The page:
Bridal Buds WeddingWire Blog

Category: Guest Blogger

Why Is A Wedding Sealed With A Kiss? A Celebrant Tells All

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Guest Post by: Rachel Mueller-Lust, Wondrance Weddings

If you have always wondered why weddings have a familiar feel even when they are very unique, here is the inside scoop on how wedding ceremonies are structured and designed.

If you are anything like me, you have probably watched a gazillion movies with a wedding scene.  Have you ever noticed how they all feel very familiar, even if the actual words aren’t the standard, “I take you to be my wedded husband…‘til death do us part?”  Why is that?  What makes all weddings alike?

Photo: Simi Rabinowitz Photography 

Well, there is a rhyme and a reason to how weddings are arranged.  A wedding is a rite of passage—the passage from being single to being coupled, and rites of passage of all kinds—baptism or baby welcoming, coming of age or funeral—have an organizing principal to their design.  Their structure has a rich history but at their core all ceremonies tell a story.  A wedding ceremony is also a performance, kind of like a play.  There is a stage (an altar or NYC skyline), script (the ceremony words), players (bride, groom, attendants) and audience (the guests!).  Just like a story or play, all weddings have a beginning, middle and end.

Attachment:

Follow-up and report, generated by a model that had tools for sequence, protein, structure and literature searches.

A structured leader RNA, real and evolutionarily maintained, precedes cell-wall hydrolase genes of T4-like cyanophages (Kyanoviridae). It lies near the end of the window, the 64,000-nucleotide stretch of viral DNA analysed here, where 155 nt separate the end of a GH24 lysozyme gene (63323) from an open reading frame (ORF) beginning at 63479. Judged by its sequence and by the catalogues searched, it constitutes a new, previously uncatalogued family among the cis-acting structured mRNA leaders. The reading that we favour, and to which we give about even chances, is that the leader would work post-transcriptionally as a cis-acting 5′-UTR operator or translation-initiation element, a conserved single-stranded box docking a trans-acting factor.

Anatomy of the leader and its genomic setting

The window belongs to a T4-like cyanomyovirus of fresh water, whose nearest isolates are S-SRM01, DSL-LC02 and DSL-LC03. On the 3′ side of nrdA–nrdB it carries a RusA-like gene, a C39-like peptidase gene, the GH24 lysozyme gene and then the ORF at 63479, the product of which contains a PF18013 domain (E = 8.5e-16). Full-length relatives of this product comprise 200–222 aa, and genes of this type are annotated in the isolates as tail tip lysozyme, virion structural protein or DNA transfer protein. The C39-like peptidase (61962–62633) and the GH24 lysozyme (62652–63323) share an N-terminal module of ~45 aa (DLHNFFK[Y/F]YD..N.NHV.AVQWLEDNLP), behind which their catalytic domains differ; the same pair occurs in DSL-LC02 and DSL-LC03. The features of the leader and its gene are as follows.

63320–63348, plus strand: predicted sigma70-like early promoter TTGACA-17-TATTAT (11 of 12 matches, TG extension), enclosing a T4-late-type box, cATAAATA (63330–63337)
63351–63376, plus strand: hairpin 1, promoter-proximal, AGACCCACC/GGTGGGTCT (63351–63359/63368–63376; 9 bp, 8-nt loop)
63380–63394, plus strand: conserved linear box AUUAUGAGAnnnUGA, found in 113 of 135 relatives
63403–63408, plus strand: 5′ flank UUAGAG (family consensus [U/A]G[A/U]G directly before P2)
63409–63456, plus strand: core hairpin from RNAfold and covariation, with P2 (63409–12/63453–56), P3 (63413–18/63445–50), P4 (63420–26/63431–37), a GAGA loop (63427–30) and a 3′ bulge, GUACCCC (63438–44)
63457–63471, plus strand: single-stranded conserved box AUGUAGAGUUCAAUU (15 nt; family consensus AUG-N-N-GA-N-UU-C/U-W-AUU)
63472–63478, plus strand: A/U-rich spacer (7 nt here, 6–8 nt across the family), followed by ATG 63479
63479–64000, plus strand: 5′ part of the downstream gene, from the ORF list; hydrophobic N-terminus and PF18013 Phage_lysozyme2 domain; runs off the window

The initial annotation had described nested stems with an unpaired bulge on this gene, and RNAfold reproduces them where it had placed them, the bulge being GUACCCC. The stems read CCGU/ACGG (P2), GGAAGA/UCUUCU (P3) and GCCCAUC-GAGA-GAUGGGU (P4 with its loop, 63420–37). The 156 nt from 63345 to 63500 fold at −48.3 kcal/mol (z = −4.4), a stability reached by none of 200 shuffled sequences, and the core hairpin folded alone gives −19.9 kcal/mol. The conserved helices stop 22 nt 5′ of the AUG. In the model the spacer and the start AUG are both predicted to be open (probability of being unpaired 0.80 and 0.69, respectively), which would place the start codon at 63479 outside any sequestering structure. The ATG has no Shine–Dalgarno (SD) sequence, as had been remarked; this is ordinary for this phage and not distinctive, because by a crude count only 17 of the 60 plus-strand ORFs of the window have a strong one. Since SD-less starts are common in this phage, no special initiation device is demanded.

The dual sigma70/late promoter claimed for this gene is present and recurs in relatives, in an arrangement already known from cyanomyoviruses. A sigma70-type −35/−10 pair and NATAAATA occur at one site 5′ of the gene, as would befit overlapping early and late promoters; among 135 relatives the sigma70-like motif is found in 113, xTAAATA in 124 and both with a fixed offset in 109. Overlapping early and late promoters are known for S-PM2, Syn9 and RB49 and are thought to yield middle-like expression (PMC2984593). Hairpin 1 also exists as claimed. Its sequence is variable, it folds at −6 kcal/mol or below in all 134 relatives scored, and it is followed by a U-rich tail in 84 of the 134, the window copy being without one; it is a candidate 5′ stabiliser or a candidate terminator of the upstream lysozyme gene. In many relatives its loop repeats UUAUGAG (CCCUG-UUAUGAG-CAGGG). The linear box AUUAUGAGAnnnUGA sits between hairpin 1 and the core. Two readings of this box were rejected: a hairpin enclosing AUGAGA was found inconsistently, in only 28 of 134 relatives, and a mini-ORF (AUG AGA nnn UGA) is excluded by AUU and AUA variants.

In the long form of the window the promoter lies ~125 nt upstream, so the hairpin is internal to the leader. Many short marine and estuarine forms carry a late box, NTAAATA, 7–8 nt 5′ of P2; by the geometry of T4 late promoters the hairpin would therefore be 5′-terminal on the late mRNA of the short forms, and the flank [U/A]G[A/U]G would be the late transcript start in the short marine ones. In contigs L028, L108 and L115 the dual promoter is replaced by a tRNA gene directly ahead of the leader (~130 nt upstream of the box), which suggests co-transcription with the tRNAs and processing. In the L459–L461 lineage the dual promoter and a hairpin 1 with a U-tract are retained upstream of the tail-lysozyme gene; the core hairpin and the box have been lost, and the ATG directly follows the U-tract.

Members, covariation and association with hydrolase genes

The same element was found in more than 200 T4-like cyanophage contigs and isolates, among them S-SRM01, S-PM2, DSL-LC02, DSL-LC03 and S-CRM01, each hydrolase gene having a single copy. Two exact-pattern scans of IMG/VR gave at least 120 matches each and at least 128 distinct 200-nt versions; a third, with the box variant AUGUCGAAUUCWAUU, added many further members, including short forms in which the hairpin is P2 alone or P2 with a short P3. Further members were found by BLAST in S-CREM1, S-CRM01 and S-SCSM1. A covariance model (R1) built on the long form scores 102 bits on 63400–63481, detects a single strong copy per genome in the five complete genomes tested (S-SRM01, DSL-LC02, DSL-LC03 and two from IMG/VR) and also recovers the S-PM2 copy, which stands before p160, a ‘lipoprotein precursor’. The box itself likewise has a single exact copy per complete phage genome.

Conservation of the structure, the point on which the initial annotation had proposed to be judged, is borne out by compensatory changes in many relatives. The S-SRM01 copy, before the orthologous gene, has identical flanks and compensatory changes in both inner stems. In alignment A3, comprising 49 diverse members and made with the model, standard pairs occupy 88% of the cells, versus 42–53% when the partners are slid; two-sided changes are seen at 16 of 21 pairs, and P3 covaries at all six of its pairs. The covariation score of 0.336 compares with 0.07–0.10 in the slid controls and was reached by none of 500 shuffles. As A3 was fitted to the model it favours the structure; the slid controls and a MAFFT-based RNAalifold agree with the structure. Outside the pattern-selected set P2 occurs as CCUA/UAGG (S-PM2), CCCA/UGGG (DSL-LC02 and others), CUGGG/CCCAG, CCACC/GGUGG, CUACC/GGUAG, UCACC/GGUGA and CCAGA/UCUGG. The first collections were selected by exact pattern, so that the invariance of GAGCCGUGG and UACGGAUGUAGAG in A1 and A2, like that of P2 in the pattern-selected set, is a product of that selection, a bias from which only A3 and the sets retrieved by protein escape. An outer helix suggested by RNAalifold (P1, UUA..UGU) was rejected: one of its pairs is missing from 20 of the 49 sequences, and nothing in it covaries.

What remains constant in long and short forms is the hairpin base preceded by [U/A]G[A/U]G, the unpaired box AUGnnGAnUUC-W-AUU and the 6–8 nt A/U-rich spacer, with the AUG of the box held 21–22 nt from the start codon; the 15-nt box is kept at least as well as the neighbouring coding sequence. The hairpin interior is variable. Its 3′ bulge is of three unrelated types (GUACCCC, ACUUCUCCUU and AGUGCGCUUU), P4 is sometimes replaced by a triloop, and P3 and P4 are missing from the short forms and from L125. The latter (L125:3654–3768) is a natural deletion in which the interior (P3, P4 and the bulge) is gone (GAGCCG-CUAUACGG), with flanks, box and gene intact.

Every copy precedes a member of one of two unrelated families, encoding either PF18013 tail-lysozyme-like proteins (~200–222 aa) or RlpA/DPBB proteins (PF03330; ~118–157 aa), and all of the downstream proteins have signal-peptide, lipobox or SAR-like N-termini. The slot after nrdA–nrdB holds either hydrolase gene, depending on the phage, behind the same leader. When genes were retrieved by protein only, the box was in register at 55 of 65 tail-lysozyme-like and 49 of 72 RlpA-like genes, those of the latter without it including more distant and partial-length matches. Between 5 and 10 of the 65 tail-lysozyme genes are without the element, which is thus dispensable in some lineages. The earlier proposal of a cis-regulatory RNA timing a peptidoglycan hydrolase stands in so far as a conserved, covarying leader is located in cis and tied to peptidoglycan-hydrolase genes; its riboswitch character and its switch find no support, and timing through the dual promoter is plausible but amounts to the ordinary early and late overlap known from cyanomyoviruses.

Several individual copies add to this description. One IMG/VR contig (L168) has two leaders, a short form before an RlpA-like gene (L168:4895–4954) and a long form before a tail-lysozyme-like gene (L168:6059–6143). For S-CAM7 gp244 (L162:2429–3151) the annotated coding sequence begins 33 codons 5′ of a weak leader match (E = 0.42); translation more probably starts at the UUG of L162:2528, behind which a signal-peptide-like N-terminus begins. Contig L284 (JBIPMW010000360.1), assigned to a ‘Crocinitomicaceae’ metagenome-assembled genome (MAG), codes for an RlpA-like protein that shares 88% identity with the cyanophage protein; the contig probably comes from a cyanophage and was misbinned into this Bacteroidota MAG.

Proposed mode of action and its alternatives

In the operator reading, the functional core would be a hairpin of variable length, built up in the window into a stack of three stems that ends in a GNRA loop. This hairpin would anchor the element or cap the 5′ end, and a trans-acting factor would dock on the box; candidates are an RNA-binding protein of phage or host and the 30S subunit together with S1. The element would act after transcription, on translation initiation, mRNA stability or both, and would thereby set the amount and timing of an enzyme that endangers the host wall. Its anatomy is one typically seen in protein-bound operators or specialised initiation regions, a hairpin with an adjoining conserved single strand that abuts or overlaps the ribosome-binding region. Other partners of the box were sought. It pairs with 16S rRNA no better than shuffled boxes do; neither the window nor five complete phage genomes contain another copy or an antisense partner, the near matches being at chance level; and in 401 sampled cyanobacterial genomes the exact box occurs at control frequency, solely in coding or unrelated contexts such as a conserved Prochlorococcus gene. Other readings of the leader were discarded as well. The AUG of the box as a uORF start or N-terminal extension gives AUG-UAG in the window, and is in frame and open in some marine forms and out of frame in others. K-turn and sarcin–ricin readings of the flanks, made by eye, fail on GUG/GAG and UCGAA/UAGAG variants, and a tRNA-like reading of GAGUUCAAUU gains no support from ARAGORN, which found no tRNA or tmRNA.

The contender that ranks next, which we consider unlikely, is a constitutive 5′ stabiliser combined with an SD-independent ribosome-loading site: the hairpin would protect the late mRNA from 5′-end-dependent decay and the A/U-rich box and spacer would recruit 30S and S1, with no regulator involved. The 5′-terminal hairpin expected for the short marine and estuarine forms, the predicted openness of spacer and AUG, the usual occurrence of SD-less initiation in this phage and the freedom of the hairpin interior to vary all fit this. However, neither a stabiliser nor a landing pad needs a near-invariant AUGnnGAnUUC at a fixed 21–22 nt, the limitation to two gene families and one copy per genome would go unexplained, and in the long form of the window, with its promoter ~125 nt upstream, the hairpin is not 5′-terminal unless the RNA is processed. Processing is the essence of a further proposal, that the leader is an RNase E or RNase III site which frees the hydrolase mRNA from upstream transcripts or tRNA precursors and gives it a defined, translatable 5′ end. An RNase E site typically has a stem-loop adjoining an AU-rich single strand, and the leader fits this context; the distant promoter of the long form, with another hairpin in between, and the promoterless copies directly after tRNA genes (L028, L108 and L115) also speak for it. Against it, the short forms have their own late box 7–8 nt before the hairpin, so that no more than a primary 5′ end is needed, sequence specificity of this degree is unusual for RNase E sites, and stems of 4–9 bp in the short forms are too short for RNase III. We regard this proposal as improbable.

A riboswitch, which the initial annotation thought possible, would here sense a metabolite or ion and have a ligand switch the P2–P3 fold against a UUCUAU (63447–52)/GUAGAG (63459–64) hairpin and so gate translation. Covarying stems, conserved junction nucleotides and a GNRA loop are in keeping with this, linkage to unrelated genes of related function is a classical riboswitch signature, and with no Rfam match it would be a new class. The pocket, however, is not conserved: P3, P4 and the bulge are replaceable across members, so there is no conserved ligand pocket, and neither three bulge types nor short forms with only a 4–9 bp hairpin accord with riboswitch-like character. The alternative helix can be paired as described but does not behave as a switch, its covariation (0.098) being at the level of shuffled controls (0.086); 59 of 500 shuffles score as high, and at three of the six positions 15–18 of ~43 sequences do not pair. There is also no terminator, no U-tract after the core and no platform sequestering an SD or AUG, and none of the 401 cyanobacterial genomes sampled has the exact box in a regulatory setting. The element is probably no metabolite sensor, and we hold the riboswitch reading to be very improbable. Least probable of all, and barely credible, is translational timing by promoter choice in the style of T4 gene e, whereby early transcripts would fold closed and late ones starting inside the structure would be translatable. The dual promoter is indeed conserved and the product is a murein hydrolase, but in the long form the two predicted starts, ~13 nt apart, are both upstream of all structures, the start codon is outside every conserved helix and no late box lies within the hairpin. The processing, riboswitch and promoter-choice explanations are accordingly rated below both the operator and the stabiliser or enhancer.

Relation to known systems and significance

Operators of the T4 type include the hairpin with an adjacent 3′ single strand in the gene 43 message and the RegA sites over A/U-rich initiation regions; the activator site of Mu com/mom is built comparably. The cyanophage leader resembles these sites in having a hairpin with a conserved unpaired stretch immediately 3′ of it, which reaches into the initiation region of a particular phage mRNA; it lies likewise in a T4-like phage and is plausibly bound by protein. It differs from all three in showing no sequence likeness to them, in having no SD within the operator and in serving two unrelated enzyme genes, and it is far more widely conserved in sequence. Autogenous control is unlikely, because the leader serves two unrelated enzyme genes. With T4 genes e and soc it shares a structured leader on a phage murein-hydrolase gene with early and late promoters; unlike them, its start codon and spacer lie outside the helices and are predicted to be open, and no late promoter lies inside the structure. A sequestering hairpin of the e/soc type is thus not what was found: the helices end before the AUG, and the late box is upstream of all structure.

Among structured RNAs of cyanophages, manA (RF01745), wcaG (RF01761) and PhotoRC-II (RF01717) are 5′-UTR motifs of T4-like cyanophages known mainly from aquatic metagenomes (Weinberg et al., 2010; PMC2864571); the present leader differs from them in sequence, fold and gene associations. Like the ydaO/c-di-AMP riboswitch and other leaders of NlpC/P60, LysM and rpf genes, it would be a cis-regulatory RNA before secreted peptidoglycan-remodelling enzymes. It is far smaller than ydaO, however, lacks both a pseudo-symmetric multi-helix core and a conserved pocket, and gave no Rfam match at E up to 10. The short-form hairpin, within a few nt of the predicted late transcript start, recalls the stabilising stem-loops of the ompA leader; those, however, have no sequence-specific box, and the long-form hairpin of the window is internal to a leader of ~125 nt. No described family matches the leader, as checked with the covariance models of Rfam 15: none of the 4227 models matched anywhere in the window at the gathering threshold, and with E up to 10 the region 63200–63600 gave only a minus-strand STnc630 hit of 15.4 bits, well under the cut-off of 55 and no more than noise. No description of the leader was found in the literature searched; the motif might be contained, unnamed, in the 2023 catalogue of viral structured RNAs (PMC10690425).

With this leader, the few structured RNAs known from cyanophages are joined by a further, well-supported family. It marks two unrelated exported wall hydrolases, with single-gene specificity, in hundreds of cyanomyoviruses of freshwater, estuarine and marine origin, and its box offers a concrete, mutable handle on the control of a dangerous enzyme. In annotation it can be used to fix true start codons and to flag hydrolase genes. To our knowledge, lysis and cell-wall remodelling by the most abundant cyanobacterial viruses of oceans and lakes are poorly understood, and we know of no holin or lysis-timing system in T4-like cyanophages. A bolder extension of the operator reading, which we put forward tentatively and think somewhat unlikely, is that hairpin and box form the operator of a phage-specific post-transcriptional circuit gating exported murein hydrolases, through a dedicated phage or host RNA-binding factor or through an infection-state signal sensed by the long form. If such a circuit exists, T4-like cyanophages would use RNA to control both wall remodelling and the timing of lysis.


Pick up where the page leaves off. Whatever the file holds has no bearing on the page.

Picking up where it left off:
Photo: Jenna Walcott Photography

In weddings, the story begins with your separation from your family and who you were before marriage.  Often a bride and groom are walked down the aisle by their parents and “giving you away” is a ritualized way for them to send you off to your future life.  Sure, you might not really be moving out of your parents’ home, but from a ritualistic perspective the first section of the ceremony symbolically reflects that departure.  It is a lovely way to honor your parents who have contributed so much to get you to this point in life.

Photo: The Well-Dressed Snapshot Newman

The middle of the wedding story is where most of the ritual action takes place.  Rituals are a way to emotionally, visually and verbally portray the changes that occur when two people get hitched.  The couple must state their intention to marry before an officiant with legal authority in the presence of witnesses. Your “statement” of your intentions can be any combination of words or actions.  So, although you may have often heard the traditional vow, “I do!” that wording is not required.  You can write your own vows, use a “repeat after me” format, or substitute actions for words, using a unity ritual.